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Friday, October 15, 2010
Students Advise Superintendent
By Hailey Heinz
Journal Staff Writer
Albuquerque's high school students have noticed their classes are larger this year. They think tardies and absences are problems at their schools, and they think communication between adults is sometimes lacking.
But they also feel cared about at school and appreciate the variety of clubs, sports and dual credit opportunities they have. Many speak highly of their teachers and principals.
These 34 students — two from each comprehensive high school, plus representation from the alternative schools — are part of the Superintendent's Student Advisory Council, which met for the first time Thursday and will meet monthly to discuss issues facing the district.
Superintendent Winston Brooks said he has wanted to establish such a council since he arrived in Albuquerque in the spring of 2008.
He said it will give him insight into how students feel about their schools, and he will go to them with proposed policy changes, budget proposals and other issues.
The students were chosen by their principals, who were asked to choose a diverse group of students who are leaders and can influence their peers.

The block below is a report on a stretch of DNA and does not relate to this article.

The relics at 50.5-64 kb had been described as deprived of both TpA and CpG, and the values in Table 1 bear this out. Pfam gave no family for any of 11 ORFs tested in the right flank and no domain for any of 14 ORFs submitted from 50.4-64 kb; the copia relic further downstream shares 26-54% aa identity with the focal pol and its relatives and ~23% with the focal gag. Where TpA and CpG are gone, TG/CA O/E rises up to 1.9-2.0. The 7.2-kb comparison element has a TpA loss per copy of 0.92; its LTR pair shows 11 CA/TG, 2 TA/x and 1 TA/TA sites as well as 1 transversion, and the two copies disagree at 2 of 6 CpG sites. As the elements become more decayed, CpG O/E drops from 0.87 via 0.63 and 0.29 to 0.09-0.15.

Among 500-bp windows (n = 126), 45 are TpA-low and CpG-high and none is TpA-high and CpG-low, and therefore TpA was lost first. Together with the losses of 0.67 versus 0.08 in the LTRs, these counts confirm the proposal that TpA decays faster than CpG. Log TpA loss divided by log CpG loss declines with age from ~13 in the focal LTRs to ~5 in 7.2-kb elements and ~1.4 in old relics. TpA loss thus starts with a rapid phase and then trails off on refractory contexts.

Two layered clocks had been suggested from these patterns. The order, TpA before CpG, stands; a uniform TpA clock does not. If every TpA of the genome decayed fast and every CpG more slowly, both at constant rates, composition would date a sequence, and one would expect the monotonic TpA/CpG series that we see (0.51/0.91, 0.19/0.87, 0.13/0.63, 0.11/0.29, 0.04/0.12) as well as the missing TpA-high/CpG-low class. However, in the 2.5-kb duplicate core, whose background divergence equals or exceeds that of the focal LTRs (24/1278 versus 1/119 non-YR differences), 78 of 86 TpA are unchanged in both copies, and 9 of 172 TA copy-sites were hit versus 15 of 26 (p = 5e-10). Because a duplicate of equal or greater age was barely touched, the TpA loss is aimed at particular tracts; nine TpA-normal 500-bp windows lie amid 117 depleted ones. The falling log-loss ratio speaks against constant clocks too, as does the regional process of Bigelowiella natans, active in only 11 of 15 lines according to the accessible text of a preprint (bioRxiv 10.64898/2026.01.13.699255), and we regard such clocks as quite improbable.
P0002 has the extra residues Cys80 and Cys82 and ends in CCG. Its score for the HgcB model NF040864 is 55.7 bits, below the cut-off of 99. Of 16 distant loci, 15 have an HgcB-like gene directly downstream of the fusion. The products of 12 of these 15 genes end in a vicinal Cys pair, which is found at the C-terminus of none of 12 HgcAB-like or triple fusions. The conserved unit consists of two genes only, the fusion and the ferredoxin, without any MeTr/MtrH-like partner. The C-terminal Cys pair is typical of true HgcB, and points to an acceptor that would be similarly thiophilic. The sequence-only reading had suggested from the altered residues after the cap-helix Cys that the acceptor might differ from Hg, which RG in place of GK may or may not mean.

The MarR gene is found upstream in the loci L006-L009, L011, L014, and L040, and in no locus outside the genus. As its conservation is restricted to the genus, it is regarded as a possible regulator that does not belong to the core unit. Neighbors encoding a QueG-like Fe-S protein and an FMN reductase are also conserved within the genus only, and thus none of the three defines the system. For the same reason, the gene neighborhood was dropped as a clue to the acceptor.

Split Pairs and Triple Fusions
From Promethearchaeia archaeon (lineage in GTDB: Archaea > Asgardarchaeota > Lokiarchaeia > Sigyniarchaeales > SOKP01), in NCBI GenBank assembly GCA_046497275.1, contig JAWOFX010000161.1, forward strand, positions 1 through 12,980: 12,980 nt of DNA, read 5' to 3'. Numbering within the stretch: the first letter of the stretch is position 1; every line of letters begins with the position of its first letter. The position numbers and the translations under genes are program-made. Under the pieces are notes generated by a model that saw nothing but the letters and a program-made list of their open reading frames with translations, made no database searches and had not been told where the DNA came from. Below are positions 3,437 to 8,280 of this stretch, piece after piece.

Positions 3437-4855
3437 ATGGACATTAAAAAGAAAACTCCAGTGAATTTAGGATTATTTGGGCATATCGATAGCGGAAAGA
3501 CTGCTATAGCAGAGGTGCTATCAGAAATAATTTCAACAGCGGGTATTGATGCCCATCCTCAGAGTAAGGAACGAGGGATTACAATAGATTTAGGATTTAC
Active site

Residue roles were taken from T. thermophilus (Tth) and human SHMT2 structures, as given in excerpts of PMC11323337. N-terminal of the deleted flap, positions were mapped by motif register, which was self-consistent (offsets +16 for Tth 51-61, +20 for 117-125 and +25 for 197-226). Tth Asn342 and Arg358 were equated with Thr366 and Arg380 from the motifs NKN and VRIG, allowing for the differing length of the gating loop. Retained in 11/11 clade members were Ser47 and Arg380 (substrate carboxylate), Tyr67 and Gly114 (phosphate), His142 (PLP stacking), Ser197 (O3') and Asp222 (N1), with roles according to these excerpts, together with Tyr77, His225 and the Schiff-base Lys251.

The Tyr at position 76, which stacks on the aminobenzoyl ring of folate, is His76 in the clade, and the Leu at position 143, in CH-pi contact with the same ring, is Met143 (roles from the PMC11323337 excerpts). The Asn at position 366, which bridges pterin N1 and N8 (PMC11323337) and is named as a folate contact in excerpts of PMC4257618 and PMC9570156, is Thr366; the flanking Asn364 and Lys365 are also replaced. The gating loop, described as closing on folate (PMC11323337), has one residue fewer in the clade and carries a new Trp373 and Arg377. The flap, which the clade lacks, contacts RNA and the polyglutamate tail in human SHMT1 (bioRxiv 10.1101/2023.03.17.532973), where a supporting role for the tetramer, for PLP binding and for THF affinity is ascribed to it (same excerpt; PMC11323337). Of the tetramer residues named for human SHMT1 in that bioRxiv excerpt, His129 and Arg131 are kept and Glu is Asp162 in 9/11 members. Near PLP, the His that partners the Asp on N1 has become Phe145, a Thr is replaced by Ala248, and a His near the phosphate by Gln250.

The result is that members include teens of all different skin colors and social groups. Athletes, cheerleaders, actors and jewelry-makers are all part of the council.
Brooks said the group will soon undertake the serious business of advising him on budget cuts and other topics. But Thursday's meeting was about getting acquainted and discussing issues students face at their schools.
Overcrowding topped the list of student concerns.
"Classes are really big this year," said Tessa Hunt, a junior at Cibola High School. "In my English class, I didn't have a seat for the first two weeks."
But even as most students mentioned class size, they also complimented their teachers for coping with the challenges.
"The teachers are making it work; they're hanging in there," said Quwali Foster, a junior at Manzano.
Other big issues were attendance and punctuality, with students on the council concerned that their peers are unmotivated and that activities and services sometimes fail to reach the people who most need them.
In the coming year, Brooks will ask the teens to bring those kinds of insights to the school board, legislators and other decision-makers.
"My experience is that school board members will probably listen to you more than they listen to me," he told the group.
Eleni Becton, a junior at Del Norte, said after the first meeting that the adults were engaged. "They seem really fascinated and interested in our opinions," she said.
Brooks said he wants the council to be more than just lip service, with real input from students. He said a previous APS model had too many students to generate meaningful conversations.
"Before, it was superficial, sort of pat the kids on the head," he said. "With this, we really want to get their input."